Venturi enables it to be interpreted by any other

Venturi confronts modern architecture and its attempt to run
down tradition in defense of self-asserted sophistication. He advocates for adaptation
of dichotomy and intricacy of architecture; its components and their
configurations provide. He believes the primitive and clean slate tendency of modern
architecture takes away this by making architecture as an ‘either /or’
exercise, rather than the ‘Both-and’ approach which post-modernism accommodates.
The ‘Both-and’ approach is open ended and accommodates hierarchies, contradictions
and complexities, allowing multiple meanings and interpretations.

 

Barthes through his influential text ‘Death of an author’ makes
us rethink authorship and the relationship between the author, the reader and
the medium. He breaks the traditional commotion of author being the owner of
his work; and he implies that the writing (or any creative outcome), which can
be interpreted by any person/reader, ceases to be the property of the author.
Rather, the authorship is conceded to the interpretation made by the reader. He
bases his argument on the notion- everything in existence is a derivative of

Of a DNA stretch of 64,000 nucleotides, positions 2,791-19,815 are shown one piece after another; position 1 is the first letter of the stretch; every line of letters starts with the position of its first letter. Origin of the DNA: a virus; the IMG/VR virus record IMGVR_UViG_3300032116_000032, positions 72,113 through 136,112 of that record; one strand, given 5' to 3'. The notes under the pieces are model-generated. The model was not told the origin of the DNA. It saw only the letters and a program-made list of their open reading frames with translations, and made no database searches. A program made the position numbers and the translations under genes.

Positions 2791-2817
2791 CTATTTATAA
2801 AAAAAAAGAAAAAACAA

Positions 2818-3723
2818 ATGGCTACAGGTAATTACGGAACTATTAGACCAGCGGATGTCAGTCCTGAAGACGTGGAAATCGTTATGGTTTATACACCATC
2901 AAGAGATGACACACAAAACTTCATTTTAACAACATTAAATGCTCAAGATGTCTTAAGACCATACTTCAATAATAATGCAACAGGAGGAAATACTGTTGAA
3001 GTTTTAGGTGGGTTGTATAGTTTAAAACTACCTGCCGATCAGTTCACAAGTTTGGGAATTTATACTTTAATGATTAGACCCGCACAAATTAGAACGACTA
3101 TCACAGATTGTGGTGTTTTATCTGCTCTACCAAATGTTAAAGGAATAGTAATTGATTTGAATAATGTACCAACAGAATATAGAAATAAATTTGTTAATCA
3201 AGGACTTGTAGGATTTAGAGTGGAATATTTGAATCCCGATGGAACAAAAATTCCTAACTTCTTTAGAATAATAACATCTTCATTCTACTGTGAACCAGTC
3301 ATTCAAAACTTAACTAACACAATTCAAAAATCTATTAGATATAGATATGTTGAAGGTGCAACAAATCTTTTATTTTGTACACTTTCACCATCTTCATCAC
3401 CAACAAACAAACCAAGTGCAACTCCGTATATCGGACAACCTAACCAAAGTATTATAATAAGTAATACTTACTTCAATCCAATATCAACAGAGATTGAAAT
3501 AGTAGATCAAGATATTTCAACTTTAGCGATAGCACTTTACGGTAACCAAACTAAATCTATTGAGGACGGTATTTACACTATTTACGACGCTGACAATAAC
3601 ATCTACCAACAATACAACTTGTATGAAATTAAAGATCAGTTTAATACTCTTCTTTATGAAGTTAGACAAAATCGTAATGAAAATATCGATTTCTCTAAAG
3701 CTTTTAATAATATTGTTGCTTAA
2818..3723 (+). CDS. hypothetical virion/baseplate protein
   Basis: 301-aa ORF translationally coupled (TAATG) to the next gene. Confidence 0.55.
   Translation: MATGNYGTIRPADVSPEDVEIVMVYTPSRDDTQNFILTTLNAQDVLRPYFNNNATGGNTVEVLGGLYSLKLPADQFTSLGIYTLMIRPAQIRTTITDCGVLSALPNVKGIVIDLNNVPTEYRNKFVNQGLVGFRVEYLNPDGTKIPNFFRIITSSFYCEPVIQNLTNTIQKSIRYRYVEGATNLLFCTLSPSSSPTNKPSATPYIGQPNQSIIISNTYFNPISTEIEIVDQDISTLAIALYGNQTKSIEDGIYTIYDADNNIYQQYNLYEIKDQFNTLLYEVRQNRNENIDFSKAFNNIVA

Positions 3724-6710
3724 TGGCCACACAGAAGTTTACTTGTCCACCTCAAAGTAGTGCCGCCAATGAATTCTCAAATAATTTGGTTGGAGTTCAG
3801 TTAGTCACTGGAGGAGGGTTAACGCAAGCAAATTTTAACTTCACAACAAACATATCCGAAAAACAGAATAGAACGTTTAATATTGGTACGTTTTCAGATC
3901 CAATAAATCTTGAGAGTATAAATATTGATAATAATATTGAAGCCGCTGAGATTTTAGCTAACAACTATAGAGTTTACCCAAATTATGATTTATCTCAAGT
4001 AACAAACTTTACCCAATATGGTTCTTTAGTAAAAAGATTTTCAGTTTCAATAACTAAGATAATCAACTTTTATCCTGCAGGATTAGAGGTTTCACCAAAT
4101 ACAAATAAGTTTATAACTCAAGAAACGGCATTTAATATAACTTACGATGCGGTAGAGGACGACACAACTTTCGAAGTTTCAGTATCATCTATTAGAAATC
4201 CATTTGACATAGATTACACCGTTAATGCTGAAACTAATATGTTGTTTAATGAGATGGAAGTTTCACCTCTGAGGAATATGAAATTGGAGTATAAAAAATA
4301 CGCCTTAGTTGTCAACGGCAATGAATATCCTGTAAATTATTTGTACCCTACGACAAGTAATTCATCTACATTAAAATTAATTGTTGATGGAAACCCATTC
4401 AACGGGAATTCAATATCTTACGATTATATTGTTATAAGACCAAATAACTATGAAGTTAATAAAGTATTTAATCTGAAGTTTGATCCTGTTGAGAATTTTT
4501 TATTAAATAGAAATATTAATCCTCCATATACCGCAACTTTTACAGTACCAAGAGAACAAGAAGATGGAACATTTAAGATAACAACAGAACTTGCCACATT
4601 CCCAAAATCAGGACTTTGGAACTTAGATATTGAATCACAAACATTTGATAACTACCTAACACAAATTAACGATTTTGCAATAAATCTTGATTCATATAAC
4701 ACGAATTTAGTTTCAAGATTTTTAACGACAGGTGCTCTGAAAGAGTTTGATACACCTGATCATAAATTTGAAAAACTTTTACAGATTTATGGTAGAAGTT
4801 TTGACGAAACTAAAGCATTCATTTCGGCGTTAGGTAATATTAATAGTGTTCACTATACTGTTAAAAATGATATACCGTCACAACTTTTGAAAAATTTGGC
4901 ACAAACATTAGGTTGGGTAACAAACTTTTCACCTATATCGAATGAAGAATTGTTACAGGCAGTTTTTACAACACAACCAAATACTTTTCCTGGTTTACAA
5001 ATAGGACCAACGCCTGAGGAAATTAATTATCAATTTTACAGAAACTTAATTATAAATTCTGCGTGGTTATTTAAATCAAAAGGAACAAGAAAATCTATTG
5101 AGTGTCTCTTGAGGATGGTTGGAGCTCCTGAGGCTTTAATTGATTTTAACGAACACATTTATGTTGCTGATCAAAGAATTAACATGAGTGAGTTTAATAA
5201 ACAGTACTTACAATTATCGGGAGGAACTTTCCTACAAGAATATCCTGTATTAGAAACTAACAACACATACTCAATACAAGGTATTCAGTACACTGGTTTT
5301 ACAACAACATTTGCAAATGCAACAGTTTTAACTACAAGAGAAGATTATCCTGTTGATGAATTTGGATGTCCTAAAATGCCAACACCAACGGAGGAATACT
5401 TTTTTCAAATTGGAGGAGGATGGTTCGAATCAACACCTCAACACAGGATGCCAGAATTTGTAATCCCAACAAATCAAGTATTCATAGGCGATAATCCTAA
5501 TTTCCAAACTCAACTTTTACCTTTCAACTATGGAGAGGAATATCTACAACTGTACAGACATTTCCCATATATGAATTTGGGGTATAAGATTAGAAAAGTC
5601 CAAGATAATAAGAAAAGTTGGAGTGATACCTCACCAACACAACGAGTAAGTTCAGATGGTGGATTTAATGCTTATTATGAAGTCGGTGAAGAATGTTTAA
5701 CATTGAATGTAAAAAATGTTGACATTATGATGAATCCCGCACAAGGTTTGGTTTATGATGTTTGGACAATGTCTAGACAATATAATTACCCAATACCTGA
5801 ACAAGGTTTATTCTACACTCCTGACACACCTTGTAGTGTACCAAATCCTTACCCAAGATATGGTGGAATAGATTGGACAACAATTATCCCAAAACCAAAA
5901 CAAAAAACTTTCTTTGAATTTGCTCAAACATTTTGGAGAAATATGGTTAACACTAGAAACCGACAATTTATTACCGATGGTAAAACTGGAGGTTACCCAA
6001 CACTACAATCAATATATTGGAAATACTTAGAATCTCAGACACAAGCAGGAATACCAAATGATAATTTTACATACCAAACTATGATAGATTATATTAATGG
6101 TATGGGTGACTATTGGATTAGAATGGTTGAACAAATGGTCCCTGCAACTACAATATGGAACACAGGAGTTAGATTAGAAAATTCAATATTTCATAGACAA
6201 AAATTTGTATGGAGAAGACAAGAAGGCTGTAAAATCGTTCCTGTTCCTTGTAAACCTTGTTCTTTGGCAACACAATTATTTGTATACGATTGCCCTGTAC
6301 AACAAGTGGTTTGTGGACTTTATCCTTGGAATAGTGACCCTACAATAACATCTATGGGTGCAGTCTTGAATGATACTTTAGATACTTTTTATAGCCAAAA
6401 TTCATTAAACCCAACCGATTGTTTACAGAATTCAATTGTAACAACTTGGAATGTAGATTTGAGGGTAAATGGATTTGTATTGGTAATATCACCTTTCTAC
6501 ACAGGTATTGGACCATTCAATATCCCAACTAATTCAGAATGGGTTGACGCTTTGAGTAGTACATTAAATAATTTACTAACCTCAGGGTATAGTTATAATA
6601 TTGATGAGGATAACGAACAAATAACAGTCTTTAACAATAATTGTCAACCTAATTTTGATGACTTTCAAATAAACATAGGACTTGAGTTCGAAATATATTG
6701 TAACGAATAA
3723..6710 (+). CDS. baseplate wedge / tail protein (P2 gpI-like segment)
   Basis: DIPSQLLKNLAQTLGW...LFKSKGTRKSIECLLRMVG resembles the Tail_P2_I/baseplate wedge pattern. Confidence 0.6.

the shared knowledge and pre-existing elements; like the author writing his
book in ‘already existing words’, which allows enables it to be interpreted by
any other person, and have nonsingular meanings based on their own belief
systems.

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Foucault, like Barthes, wants us to re-evaluate the notion
of authorship, but not from the outside, but from the inside. He questions the
identity and existence of the author- which is through his work(text), which
would only have meaning if the individual would read it, making them the
author. Both, Foucault and Barnes contradict the traditional relationship between
text and death, where the author is immortalized through his work; rather allowing
text to kill its author.  

 

All the authors, Venturi, Barthes and Foucault acknowledge
the existence of pre-existing shared knowledge system; and advocate for the
co-existence of several interpretations and meanings generated of the same creation.